OAKLAND, Calif. (CN) – Attorneys suing Apple in a decade-old antitrust case lost two lead plaintiffs in the middle of trial – but they have backups, they told a federal judge on Tuesday.
Class attorneys submitted five replacement options for a new lead plaintiff Monday night and early Tuesday morning.
“We believe these people will satisfy all the requirements to be adequate class representatives,” attorney Patrick Coughlin told U.S. District Judge Yvonne Gonzalez Rogers.
The class action claims that certain iTunes updates prevented iPod users from playing music bought from competing music services.
The trial, now on its seventh day, could be delayed for a few days as attorneys vet the potential plaintiffs.
The plaintiff dilemma began last week, when class attorneys dismissed one of the lead plaintiffs because she didn’t purchase an iPod within the 2006 to 2009 class period. On Monday Rogers dismissed the remaining plaintiff for the same reason, and told class attorneys to find a replacement by Tuesday.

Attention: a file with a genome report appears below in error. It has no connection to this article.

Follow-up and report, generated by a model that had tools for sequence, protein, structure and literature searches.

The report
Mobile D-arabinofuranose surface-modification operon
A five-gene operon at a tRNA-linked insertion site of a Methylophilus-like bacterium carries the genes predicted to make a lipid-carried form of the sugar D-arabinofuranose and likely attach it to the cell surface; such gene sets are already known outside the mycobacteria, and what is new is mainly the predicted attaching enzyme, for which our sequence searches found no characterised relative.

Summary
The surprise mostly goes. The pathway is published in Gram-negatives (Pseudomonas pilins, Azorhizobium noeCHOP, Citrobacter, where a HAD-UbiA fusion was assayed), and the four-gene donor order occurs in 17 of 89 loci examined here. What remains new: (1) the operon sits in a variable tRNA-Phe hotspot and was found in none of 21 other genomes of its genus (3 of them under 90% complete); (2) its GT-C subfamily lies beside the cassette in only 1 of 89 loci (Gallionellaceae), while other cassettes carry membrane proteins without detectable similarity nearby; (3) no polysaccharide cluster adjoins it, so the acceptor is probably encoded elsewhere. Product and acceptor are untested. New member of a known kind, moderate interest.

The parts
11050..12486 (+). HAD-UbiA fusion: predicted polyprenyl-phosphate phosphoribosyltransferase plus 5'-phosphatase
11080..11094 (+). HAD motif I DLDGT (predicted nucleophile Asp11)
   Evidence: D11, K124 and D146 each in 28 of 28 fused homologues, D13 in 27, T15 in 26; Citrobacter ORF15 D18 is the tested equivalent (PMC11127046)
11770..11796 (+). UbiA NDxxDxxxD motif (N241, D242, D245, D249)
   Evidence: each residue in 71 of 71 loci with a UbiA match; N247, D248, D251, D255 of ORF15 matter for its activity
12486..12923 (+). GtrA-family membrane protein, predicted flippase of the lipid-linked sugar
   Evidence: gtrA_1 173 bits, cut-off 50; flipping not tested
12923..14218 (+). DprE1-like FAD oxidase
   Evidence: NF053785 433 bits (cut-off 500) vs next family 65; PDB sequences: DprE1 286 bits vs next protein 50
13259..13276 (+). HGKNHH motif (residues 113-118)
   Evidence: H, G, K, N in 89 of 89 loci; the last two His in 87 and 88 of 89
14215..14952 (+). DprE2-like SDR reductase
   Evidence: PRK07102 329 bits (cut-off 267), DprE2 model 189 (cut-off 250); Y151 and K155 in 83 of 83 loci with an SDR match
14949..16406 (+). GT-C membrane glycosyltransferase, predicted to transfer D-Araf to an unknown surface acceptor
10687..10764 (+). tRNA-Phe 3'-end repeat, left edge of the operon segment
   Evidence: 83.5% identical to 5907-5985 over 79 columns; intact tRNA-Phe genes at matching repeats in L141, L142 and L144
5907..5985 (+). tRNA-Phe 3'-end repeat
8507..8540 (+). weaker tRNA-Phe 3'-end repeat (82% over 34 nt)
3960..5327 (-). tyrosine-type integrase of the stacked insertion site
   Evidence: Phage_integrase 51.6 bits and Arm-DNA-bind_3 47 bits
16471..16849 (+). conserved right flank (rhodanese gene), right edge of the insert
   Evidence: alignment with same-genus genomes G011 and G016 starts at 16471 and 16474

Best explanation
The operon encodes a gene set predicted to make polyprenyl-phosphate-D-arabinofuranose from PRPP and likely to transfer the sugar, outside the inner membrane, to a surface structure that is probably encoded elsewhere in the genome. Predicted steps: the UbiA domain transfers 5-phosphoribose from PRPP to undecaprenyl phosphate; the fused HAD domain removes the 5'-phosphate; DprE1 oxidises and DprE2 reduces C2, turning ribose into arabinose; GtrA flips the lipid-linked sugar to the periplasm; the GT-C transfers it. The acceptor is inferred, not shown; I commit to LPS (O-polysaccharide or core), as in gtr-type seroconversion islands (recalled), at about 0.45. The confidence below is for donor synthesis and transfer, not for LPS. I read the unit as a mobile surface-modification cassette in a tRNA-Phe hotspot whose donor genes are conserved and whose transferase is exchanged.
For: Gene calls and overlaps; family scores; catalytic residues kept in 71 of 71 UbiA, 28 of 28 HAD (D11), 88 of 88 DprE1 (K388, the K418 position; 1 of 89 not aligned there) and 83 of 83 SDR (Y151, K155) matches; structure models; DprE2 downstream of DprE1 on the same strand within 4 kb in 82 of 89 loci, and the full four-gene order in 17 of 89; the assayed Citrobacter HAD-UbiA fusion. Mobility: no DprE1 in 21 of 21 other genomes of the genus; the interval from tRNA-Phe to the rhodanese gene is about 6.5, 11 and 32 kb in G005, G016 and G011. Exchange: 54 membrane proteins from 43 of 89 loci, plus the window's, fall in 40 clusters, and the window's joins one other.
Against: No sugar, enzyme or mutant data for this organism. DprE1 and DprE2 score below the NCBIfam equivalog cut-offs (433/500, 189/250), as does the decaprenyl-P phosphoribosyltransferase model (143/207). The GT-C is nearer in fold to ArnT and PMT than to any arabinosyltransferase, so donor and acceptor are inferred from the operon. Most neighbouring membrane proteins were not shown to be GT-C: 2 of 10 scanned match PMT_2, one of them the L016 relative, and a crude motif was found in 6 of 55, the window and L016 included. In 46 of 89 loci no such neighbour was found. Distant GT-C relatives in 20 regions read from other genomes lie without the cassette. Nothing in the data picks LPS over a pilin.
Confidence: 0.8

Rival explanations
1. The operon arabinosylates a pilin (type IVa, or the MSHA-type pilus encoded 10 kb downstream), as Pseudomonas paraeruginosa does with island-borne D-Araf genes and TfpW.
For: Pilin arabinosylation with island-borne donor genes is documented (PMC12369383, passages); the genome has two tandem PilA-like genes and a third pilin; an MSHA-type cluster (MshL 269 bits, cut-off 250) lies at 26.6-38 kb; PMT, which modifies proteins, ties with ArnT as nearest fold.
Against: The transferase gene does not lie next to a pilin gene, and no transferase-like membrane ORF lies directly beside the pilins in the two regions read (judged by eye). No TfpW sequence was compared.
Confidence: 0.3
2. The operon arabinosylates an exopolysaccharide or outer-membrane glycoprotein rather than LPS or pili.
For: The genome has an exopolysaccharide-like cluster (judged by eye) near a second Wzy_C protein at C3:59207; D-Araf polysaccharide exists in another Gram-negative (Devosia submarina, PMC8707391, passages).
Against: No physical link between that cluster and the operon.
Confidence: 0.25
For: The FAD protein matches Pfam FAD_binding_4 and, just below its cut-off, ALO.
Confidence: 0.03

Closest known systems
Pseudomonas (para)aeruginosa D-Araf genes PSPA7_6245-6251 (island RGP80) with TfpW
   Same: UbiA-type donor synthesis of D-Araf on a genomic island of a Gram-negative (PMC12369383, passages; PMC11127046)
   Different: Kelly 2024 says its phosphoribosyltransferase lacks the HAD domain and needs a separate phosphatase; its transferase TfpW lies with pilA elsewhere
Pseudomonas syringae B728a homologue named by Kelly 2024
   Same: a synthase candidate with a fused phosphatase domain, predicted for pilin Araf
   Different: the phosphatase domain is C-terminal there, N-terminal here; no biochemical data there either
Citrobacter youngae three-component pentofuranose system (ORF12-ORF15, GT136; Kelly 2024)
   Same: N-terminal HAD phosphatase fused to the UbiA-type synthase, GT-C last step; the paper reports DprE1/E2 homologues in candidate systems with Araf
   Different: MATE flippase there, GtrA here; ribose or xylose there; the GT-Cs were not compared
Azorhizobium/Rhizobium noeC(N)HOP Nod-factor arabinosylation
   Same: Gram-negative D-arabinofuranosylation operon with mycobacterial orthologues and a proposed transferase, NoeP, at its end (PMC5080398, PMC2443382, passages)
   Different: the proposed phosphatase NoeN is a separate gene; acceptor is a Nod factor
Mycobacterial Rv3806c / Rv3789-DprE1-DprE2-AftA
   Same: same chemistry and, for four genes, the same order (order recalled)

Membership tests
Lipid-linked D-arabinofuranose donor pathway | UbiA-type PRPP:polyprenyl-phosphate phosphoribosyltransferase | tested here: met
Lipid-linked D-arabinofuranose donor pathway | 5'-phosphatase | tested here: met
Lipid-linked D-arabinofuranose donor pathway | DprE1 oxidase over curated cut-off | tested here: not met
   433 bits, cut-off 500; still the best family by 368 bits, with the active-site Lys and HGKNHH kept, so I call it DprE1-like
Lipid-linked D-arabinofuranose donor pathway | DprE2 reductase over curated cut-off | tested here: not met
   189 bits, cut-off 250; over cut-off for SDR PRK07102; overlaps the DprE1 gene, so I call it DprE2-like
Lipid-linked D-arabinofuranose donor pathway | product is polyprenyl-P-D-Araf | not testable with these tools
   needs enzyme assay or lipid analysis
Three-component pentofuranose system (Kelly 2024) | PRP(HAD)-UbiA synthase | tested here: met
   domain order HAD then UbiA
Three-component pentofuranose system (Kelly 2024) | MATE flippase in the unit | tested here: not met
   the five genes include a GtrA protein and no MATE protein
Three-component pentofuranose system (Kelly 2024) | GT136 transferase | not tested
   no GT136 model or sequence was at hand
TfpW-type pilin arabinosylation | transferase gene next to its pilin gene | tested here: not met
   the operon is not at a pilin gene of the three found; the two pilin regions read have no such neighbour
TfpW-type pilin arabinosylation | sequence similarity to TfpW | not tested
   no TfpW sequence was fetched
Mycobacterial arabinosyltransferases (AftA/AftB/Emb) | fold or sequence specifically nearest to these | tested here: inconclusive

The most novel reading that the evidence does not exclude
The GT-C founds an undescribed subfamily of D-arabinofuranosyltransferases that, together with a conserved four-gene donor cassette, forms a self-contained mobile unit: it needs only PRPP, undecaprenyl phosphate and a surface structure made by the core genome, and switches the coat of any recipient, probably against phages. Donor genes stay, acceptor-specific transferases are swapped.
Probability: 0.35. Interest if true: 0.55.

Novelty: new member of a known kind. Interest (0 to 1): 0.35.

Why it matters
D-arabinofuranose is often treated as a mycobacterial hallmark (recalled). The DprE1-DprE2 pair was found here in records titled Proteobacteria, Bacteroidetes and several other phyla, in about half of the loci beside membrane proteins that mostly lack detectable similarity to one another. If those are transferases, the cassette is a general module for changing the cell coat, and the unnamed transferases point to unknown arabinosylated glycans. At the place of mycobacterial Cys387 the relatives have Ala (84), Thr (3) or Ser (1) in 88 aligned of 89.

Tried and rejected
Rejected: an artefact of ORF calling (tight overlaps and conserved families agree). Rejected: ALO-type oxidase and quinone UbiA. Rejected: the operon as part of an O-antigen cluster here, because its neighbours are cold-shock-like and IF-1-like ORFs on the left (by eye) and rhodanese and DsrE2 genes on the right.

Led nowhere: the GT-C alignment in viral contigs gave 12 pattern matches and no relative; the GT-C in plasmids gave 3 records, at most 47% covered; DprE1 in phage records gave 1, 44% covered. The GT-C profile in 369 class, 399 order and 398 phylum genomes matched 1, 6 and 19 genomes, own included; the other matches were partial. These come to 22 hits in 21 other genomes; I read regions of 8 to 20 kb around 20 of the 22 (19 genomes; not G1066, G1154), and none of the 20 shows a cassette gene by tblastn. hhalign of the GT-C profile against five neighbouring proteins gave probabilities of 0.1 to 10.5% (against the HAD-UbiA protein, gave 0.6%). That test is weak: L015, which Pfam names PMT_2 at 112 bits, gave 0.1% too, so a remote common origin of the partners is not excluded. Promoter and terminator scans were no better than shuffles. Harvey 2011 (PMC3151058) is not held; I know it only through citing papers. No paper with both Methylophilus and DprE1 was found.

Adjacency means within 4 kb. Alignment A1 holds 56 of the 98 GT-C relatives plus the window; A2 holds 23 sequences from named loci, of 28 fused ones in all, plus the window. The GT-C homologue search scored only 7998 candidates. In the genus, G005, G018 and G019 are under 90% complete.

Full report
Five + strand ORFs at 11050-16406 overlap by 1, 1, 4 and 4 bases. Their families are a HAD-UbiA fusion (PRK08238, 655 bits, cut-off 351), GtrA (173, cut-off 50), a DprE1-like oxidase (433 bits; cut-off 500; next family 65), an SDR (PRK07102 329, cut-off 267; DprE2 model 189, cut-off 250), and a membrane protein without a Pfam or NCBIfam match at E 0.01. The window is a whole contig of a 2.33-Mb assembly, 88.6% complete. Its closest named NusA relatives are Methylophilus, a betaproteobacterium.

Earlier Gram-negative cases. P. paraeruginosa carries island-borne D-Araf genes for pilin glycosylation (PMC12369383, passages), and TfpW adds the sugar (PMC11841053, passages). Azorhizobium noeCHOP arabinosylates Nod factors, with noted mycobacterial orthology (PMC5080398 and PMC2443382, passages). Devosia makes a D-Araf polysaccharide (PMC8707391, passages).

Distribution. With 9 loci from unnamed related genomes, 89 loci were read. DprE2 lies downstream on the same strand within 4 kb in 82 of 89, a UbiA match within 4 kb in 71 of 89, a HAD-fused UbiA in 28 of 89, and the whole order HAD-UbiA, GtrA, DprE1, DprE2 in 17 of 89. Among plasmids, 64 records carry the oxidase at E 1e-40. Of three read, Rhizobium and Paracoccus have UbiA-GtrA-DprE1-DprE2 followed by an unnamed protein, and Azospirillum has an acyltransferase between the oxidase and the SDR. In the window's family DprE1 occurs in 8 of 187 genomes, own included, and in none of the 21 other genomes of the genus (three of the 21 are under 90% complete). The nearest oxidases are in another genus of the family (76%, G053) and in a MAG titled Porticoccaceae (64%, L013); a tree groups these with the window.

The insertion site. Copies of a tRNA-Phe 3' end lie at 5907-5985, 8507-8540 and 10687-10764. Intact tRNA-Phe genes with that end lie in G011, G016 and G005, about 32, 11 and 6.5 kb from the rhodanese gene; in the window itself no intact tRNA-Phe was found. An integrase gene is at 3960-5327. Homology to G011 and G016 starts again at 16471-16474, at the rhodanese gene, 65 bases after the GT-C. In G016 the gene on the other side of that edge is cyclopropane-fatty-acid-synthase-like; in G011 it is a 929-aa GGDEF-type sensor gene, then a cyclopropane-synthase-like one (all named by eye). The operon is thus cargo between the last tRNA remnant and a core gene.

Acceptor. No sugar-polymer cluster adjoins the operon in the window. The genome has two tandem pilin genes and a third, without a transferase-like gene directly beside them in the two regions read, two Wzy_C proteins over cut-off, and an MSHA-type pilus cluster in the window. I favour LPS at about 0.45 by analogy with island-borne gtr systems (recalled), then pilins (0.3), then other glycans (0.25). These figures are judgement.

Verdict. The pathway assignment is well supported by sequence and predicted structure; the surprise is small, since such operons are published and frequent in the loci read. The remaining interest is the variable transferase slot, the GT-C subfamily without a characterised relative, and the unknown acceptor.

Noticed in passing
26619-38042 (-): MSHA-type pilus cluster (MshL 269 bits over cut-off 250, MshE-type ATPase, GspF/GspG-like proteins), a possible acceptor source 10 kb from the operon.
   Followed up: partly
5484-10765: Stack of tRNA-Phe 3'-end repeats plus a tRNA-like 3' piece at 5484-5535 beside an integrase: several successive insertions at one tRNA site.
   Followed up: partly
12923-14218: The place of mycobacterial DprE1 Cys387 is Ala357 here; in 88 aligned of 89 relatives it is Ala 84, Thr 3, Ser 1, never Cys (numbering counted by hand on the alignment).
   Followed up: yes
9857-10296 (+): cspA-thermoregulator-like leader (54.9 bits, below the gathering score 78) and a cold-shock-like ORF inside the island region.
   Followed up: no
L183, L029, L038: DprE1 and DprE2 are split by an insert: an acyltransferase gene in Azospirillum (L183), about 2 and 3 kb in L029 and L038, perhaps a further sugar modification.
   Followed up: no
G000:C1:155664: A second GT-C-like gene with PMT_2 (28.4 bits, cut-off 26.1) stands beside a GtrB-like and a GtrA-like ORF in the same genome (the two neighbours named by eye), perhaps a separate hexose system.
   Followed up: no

On Tuesday Apple’s attorney William Isaacson, with Boies, Schiller & Flexner, asked Rogers to dismiss two of the potential replacements because they were not submitted until Tuesday morning.
“There’s no excuse for this,” he said.
Rogers denied the request, but appeared frustrated at the situation.
“I will consider the additional two, but it is done,” she said. “There is no one else.”
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